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T.D. Azad



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    MA 13 - New Insights of Diagnosis and Update of Treatment (ID 674)

    • Event: WCLC 2017
    • Type: Mini Oral
    • Track: Early Stage NSCLC
    • Presentations: 1
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      MA 13.01 - Clinical and Pathological Variables Influencing Noninvasive Detection of Early Stage Lung Cancer Using Circulating Tumor DNA (ID 8686)

      15:45 - 17:30  |  Author(s): T.D. Azad

      • Abstract
      • Slides

      Background:
      Analysis of circulating tumor DNA (ctDNA) represents a potential strategy for the early detection of lung cancer. Despite significant interest, few studies have evaluated ctDNA levels in early stage lung cancer patients and the feasibility of ctDNA-based screening remains unclear.

      Method:
      We applied lung cancer-focused Cancer Personalized Profiling by deep Sequencing (CAPP-Seq) to assess ctDNA levels in 55 localized lung cancer patients treated with curative intent (stage I: n=22, stage II: n=7, stage III: n=26) and 50 healthy controls. Histological subtypes included: adenocarcinoma (n=30), squamous cell carcinoma (n=19), NSCLC NOS (n=4), and small cell lung cancer (n=2). Sensitivity and specificity of ctDNA detection were evaluated in all patients and in a subset of NSCLC patients with node negative (N0) stage I-II disease. Additionally, for patients with stage I adenocarcinoma in whom ctDNA was not detectable using the standard population-based CAPP-Seq approach, we designed personalized CAPP-Seq assays covering a median of 320 mutations/patient based on tumor exome sequencing from the respective patients.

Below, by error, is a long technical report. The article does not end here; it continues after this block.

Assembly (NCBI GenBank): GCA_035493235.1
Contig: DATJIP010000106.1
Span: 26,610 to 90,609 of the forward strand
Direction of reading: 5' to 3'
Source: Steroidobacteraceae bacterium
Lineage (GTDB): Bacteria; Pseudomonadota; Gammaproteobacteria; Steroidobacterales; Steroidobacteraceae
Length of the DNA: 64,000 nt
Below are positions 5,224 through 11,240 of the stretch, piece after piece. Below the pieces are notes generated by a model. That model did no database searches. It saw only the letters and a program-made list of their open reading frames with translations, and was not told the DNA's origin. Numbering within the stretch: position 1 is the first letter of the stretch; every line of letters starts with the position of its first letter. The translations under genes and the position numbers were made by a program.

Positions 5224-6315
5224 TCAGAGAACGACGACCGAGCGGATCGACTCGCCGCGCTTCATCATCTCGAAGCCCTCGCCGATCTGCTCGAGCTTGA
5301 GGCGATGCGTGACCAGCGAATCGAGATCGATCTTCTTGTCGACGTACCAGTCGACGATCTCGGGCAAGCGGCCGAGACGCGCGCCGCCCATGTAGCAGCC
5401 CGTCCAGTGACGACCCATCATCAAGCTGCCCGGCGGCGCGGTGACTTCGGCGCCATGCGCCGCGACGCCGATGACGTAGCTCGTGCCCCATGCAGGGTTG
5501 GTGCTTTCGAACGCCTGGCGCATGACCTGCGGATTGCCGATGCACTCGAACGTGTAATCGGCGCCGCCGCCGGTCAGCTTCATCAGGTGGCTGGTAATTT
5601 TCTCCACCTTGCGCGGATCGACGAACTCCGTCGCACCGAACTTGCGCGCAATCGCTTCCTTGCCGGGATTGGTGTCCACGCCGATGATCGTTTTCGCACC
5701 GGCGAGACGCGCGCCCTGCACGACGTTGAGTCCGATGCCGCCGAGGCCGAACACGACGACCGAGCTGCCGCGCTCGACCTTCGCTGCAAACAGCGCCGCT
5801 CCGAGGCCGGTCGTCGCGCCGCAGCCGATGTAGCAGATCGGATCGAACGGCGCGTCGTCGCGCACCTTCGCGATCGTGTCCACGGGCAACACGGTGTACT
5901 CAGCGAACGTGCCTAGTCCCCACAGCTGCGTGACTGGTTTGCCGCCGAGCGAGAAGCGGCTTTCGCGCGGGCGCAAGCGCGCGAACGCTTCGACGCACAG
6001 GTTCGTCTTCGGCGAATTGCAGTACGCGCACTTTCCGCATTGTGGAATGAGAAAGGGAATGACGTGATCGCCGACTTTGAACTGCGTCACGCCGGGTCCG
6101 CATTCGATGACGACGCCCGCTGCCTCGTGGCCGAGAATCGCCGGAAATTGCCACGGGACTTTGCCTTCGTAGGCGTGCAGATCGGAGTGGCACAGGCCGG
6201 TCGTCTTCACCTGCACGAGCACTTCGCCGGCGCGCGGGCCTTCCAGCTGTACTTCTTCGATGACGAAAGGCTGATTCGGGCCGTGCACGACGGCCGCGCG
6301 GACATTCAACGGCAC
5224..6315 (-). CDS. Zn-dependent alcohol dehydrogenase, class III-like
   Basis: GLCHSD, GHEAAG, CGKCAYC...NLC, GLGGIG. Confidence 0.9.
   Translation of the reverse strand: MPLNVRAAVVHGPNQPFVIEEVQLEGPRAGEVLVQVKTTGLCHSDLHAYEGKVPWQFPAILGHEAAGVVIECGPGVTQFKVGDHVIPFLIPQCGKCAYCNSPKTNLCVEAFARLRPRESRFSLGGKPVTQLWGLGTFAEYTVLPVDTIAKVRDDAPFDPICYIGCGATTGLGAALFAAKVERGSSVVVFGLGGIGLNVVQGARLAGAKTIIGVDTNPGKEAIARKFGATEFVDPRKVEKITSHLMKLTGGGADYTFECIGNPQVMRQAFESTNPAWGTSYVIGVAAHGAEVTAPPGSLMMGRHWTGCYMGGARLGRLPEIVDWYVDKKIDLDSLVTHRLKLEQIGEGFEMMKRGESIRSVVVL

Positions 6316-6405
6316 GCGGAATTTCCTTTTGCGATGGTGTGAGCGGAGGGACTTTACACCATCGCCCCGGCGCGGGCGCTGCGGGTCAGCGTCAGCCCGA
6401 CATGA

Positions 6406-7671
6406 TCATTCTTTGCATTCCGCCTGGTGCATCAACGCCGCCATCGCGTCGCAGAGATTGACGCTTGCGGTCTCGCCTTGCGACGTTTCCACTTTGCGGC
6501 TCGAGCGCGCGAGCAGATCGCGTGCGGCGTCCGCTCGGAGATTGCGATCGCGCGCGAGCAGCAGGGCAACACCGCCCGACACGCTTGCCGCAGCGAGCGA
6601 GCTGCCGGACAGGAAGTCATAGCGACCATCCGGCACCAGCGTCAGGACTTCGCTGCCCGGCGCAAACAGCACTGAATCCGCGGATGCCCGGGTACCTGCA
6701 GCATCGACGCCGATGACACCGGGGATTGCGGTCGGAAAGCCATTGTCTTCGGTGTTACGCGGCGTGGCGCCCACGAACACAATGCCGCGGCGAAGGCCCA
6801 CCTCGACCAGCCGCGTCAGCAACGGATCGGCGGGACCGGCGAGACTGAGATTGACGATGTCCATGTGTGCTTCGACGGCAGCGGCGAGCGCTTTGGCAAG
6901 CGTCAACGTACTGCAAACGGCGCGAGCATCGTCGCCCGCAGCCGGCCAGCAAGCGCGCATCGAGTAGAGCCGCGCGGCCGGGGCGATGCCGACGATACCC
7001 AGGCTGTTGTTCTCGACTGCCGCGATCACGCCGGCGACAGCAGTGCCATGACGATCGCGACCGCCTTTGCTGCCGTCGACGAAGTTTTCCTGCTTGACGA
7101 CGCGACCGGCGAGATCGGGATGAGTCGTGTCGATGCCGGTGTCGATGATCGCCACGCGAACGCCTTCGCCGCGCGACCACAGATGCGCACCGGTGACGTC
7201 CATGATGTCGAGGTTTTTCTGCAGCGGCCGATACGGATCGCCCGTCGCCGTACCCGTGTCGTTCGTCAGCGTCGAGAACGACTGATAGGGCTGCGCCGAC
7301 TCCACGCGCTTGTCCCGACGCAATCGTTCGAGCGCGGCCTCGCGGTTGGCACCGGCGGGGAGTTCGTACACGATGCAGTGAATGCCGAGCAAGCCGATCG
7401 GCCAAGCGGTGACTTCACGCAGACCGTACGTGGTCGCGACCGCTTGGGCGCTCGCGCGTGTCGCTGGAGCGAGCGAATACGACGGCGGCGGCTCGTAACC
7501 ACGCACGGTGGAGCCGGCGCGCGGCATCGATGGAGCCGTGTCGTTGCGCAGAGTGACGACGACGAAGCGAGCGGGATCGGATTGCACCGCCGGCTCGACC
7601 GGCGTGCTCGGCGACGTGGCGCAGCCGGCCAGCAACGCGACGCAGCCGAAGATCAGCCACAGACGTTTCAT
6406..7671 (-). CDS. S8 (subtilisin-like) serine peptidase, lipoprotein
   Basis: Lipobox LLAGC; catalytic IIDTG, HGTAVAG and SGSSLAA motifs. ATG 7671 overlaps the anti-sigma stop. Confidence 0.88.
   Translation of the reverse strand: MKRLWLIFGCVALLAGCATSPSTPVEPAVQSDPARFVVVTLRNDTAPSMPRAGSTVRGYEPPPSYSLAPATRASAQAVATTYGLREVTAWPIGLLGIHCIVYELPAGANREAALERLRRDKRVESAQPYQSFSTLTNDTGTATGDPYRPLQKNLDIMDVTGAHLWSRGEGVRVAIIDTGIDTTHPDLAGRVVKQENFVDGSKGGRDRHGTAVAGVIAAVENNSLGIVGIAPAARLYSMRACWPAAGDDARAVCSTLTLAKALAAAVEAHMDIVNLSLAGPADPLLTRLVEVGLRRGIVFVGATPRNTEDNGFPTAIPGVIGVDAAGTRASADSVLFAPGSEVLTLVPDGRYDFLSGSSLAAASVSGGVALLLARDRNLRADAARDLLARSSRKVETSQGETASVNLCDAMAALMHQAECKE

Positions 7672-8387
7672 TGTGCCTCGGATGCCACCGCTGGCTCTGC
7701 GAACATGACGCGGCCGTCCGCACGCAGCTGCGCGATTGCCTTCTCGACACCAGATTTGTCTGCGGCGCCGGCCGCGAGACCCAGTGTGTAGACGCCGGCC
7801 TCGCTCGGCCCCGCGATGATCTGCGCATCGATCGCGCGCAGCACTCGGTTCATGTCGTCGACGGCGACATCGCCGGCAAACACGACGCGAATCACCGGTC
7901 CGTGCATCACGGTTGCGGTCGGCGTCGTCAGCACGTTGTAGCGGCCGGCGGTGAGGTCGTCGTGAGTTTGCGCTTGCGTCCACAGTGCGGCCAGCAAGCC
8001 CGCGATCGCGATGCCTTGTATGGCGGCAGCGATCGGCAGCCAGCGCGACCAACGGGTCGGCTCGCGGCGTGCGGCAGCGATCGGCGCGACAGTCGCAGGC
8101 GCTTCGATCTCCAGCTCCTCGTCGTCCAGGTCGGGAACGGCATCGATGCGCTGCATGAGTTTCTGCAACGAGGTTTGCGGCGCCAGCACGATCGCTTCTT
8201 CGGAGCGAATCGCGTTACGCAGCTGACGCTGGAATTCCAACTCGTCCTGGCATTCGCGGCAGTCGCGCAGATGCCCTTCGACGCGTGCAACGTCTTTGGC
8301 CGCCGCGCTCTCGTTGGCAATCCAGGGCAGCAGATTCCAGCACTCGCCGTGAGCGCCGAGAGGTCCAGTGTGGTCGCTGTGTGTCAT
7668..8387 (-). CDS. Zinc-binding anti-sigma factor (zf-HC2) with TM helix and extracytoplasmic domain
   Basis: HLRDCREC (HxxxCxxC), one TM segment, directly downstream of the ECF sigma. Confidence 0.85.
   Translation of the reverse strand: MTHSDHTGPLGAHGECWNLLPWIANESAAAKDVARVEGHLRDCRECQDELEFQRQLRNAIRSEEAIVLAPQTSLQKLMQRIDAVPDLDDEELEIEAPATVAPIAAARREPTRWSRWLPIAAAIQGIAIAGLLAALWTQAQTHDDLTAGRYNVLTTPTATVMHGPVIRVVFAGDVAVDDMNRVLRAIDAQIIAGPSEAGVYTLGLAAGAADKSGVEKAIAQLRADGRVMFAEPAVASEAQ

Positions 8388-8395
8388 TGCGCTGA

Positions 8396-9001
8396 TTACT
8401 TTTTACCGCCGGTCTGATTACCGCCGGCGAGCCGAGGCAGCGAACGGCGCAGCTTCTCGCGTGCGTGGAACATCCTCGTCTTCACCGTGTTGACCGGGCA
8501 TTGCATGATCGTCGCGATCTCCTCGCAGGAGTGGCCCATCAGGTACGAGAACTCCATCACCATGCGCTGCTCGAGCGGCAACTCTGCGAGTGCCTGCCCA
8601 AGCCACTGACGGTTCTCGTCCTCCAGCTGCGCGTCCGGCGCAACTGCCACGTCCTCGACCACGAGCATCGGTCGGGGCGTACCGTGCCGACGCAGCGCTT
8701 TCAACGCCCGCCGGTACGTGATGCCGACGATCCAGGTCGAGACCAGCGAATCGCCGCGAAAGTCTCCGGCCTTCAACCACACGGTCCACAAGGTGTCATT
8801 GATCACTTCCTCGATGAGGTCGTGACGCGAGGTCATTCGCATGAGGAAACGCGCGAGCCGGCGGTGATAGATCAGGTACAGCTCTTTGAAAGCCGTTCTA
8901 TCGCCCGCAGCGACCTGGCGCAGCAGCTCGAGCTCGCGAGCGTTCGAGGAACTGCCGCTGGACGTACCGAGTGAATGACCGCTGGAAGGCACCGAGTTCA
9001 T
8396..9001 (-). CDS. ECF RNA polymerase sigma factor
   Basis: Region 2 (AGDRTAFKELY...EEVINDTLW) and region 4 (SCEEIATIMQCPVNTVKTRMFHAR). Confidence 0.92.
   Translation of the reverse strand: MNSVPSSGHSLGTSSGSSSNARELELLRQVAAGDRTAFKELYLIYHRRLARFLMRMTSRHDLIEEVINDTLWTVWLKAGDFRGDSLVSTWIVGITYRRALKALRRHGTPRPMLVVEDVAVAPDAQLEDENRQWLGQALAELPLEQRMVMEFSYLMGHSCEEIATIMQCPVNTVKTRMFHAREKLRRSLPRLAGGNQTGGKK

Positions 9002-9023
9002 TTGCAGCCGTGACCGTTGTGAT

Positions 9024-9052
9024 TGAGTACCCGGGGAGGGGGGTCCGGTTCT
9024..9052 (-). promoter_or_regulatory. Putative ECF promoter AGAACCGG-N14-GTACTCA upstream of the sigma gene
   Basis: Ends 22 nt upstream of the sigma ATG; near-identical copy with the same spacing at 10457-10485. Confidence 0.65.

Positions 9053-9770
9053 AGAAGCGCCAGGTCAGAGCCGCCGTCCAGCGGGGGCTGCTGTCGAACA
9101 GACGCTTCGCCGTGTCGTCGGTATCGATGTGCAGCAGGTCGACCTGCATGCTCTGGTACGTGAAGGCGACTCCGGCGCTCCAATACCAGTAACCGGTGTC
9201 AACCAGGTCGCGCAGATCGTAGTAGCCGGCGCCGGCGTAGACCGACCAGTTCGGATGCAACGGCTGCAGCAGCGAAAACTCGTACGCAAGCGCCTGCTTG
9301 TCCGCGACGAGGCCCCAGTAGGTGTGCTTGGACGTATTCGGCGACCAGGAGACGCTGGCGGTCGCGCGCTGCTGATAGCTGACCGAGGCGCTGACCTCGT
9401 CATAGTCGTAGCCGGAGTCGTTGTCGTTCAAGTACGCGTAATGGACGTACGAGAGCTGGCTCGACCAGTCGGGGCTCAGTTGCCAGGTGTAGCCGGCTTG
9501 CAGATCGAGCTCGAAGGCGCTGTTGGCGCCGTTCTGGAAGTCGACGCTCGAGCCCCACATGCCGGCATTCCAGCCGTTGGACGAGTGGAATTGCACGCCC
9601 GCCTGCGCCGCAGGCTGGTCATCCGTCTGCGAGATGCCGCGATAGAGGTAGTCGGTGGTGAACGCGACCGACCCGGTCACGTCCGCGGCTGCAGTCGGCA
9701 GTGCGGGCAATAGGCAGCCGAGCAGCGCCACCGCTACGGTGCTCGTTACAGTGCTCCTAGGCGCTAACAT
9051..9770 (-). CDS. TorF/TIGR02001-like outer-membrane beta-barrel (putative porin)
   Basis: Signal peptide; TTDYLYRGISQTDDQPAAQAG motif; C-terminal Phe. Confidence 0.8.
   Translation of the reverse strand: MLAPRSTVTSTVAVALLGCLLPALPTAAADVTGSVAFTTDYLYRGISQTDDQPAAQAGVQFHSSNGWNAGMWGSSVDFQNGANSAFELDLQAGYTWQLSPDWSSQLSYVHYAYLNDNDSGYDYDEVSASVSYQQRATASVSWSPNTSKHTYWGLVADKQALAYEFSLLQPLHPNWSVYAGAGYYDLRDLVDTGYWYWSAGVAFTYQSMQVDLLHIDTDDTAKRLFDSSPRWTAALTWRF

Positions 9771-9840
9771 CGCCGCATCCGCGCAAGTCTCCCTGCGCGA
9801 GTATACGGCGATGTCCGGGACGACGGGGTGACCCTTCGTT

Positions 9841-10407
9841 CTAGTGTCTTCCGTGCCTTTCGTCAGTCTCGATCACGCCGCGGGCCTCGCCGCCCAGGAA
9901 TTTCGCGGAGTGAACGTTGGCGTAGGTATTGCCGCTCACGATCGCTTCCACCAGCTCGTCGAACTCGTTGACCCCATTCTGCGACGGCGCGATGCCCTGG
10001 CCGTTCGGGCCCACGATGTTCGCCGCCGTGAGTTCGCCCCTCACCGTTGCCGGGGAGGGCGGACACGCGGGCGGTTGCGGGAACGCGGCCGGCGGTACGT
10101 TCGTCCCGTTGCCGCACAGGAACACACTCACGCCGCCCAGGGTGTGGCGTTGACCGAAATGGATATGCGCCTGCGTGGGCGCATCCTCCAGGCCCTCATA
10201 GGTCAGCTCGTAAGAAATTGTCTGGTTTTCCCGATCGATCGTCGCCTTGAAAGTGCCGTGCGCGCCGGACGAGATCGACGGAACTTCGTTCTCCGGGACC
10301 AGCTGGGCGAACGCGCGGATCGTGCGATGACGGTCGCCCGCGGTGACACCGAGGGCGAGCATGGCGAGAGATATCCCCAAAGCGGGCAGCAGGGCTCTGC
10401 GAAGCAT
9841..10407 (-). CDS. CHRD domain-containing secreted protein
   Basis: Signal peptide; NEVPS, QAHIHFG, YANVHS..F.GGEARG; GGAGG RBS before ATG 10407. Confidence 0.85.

Result:
      We detected ctDNA in the pre-treatment plasma of 43/55 (78%) patients at a median allele fraction (AF) of 0.48% (range: 0.004%-26.1%). ROC analysis revealed an area under curve of 0.91, with sensitivity and specificity of 78% and 98%, respectively. Among patients with non-adenocarcinoma histologies, 92% (23/25) had detectable ctDNA (median AF: 0.90%), compared to 67% of patients with adenocarcinoma (20/30; median AF: 0.23%; P=0.046). However, tumor volumes were significantly smaller in adenocarcinomas (P=0.01) and in multivariate analysis ctDNA detection was significantly associated with tumor volume (P=0.01) but not histological subtype (P=0.16). In N0 stage I-II NSCLC patients (n=22), ctDNA was detected in 64% of patients (7/14 adeno vs 7/8 non-adeno) with a specificity of 98% and median AF of 0.022% (median AF of 0.018% vs 0.030% in adeno vs non-adeno patients, respectively). Using personalized CAPP-Seq assays, we detected ctDNA in 3/4 patients with stage I adenocarcinoma in whom ctDNA was not detected using our standard lung-cancer focused CAPP-Seq assay. In these 3 patients, tumor volumes ranged from 11.6-14.7 mL and the ctDNA AF ranged from 0.0014%-0.003%. Taken together, we detected ctDNA in 17/22 (77%) N0 stage I-II tumors.

      Conclusion:
      These data suggest tumor volume is a stronger determinant of ctDNA levels than histology in localized lung cancers. Additionally, our findings suggest that the majority of localized lung cancers shed ctDNA and that ultra-sensitive assays will be required for early detection of lung cancer using ctDNA

      Information from this presentation has been removed upon request of the author.

      Information from this presentation has been removed upon request of the author.